Please use this identifier to cite or link to this item:
Título : The role of computer simulation models in the design of public policies
Autor : Salgado, Maria Victoria 
O'Flaherty, Enrique 
Mejía, Raúl M 
Palabras clave : Simulación por Computador;Salud pública;POLITICAS PUBLICAS;POLITICAS PUBLICAS DE SALUD
Fecha de publicación : 2020
Citación : MEDICINA (Buenos Aires);2020; 80: 681-684
Resumen : Cardiovascular diseases are the number one cause of death globally, but their optimal prevention remains a challenge. A high-risk approach can only have a limited effect at a population level, while population-based strategies can improve and extend the coverage of a high-risk approach. However, one main problem for promoting cardiovascular diseases prevention public policies is the difficulty to foresee population health benefits of a single policy. Computer simulation models can assist with this problem, due to their ability to estimate intervention effects over different periods, and by scaling up the evidence to a broader, more diverse population. Their applicability to countries with different social, political and economic contexts can assist in the design of public policies. There are several models that assess health and economics scenarios, but regardless which model is chosen, when adequately used, they can provide reasonable estimations of health policies’ impact. There is a growing consensus amongst the public health communities about the powerful role of population-level policies. They are more effective, cost saving and more equitable when compared with individual-level interventions. Policy makers and the public health community need to make further progress in changing the focus of prevention, from individuals to populations.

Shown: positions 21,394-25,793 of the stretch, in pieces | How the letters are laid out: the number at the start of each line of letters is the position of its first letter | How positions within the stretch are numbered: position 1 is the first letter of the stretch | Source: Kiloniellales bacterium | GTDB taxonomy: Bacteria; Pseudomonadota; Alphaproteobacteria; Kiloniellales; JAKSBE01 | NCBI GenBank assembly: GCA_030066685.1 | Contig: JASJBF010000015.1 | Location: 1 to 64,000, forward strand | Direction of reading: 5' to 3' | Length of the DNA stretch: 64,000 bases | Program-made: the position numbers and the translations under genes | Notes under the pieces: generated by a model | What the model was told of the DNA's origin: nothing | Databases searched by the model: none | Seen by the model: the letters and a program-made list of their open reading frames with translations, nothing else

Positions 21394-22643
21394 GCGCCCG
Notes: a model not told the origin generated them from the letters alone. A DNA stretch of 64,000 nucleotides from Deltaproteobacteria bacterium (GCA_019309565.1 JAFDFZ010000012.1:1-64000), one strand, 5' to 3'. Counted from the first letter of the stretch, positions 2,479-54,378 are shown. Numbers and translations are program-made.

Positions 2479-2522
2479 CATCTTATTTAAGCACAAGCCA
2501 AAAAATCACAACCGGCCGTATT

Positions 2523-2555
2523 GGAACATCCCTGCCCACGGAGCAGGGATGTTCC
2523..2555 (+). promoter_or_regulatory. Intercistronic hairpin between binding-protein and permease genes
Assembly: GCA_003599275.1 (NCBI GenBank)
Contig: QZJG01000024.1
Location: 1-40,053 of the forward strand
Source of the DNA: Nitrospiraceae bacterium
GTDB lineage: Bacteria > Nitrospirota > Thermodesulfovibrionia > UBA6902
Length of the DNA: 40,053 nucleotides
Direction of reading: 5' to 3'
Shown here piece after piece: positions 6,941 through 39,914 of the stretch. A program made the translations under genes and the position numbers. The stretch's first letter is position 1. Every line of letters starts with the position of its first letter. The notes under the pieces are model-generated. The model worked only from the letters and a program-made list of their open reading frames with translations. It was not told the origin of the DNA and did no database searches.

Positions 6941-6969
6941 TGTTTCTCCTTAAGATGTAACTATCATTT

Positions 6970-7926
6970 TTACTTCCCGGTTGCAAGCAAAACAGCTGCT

ISSN : 1669-9106
Appears in Collections:Artículos en publicaciones periódicas

Files in This Item:
File Description SizeFormat 
2020 modelos de computacion para politicas publicas.pdfArtículo en inglés140,91 kBAdobe PDFThumbnail
Show full item record

Page view(s)

checked on Sep 27, 2021


checked on Sep 27, 2021

Google ScholarTM


Items in DSpace are protected by copyright, with all rights reserved, unless otherwise indicated.